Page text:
Interpretations of old laws...

Hearing the faint, the chickadee cry
      Of root that molders,
      Of branch bent, and leaf that withers,
And little brown seed that does not die.

27 November 2016

First Sunday of Advent


This year the season of Advent is the longest period it can be, because Christmas Day is on a Sunday. If you are a Christian, it is a season akin to Lent, in which you prepare yourself spiritually for the holiday. It's also time for more secular pursuits: baking cookies, shopping, attending Christmas plays or presentations, taking in a concert, and enjoying yourself with friends. I have a craft show that takes place on the first weekend of December, and we always attend the annual performance of the Atlanta Radio Theatre Company's Atlanta Christmas.

I also like to go to downtown Marietta right before Christmas to see the stores dressed up in their Christmas finery.

What is your favorite Advent activity?

What is Advent? | The United Methodist Church

The Voice: The Season of Advent

The Liturgical Season of Advent

Vox: Advent Explained

Where Did the Season of Advent Come From?

24 November 2016


By the time the Macy's Thanksgiving Day Parade began (well, with a few minutes' help from the DVR), I had walked Tucker, had breakfast, and had time to get royally frustrated: I could not find my Christmas cards. They finally turned up in the spare room, where I'd had them in my hand while putting away something else. I've become such a textbook example of what Pam Young and Peggy Jones used to call sidetracked. So that's what I did while watching the Muppets open the parade and all the Broadway acts dance by and finally the parade and the bands and the balloons stream by. Seeing Felix the Cat come along (a faithful reproduction of the original giant balloon) and hearing the theme song play was an exercise in nostalgia all in itself. Tony Bennett and the Parade are both 90 years old this year, but poor Tony was looking a bit seedy when he sang with Miss Piggy.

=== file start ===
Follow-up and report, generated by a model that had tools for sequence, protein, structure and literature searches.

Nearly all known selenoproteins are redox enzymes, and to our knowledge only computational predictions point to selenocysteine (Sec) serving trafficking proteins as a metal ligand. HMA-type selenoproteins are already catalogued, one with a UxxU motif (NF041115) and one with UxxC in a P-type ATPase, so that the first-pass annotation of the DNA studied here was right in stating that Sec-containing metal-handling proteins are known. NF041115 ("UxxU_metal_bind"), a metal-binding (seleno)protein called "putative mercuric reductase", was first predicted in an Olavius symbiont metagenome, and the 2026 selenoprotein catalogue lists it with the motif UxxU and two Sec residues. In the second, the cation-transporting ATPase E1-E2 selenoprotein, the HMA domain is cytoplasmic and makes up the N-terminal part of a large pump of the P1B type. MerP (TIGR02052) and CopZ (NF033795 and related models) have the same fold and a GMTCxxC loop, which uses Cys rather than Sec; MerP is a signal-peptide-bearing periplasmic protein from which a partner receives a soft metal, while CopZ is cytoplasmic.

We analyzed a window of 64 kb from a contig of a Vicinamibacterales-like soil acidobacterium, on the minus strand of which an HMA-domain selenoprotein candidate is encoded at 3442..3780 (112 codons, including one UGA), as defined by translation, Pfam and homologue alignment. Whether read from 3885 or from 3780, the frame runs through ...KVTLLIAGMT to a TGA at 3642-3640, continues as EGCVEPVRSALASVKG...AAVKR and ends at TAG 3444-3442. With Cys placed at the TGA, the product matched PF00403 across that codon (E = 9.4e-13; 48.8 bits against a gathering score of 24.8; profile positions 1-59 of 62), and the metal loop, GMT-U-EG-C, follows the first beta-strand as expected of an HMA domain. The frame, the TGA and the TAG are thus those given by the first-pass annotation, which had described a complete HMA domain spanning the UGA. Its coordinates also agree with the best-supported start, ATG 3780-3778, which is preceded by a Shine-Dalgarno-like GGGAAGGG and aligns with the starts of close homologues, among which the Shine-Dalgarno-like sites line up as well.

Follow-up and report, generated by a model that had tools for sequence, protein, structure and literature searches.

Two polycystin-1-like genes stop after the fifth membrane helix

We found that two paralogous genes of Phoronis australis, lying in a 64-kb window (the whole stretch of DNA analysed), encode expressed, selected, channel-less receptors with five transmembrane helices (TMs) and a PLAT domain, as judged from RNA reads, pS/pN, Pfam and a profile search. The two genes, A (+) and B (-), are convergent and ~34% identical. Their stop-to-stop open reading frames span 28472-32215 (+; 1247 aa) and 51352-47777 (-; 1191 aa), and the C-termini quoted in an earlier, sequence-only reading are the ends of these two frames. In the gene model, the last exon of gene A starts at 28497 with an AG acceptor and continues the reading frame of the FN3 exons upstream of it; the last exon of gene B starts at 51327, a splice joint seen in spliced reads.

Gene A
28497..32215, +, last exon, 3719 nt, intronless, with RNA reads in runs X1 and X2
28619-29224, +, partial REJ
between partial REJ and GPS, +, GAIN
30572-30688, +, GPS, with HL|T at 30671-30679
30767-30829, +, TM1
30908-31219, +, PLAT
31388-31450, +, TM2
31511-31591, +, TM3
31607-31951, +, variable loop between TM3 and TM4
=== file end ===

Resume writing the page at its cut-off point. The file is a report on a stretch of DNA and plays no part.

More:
Watched most of the dog show while wrestling with registering with Office Depot so I could pick up some Black Friday specials today and just pick them up tomorrow, ditto with Staples. Needless to say, it didn't work well and I was suddenly racing to get dressed to take our goodies over to the Lucyshyns for Thanksgiving dinner. James had made glazed, roasted carrots; a corn casserole; and a cucumber and tomato salad. The GPS took us on an inexplicable ride through lesser streets when we could have just gone through Sugarloaf Parkway, but it was no matter, as it was a beautiful, clear day if somewhat warm.

It was so warm half the crowd was sitting outside and playing fetch with Cole, the dog. I spent a little time outside listening to Juanita talk about her berserk boss and other things, and some inside, where I said hi to Jake (Nancy was too ill to come) and met Kristine's sister Dorothy, and noshed on appetizers (relish tray, vegetables and dip, pita and some type of potato dip).

We had a huge spread: three kinds of turkey (baked, Cajun, and smoked), pot roast, glazed ham, mashed potatoes (all of which was eaten up tooth and toenail), the corn and carrots and salad we brought, crab louis, two kinds of stuffing, cranberry sauce, rolls, sweet potatos with marshmallows, green beans, creamed corn, and other things I've just plain forgotten, and then after dinner we sat down and chatted with Phyllis and Leigh and Clair.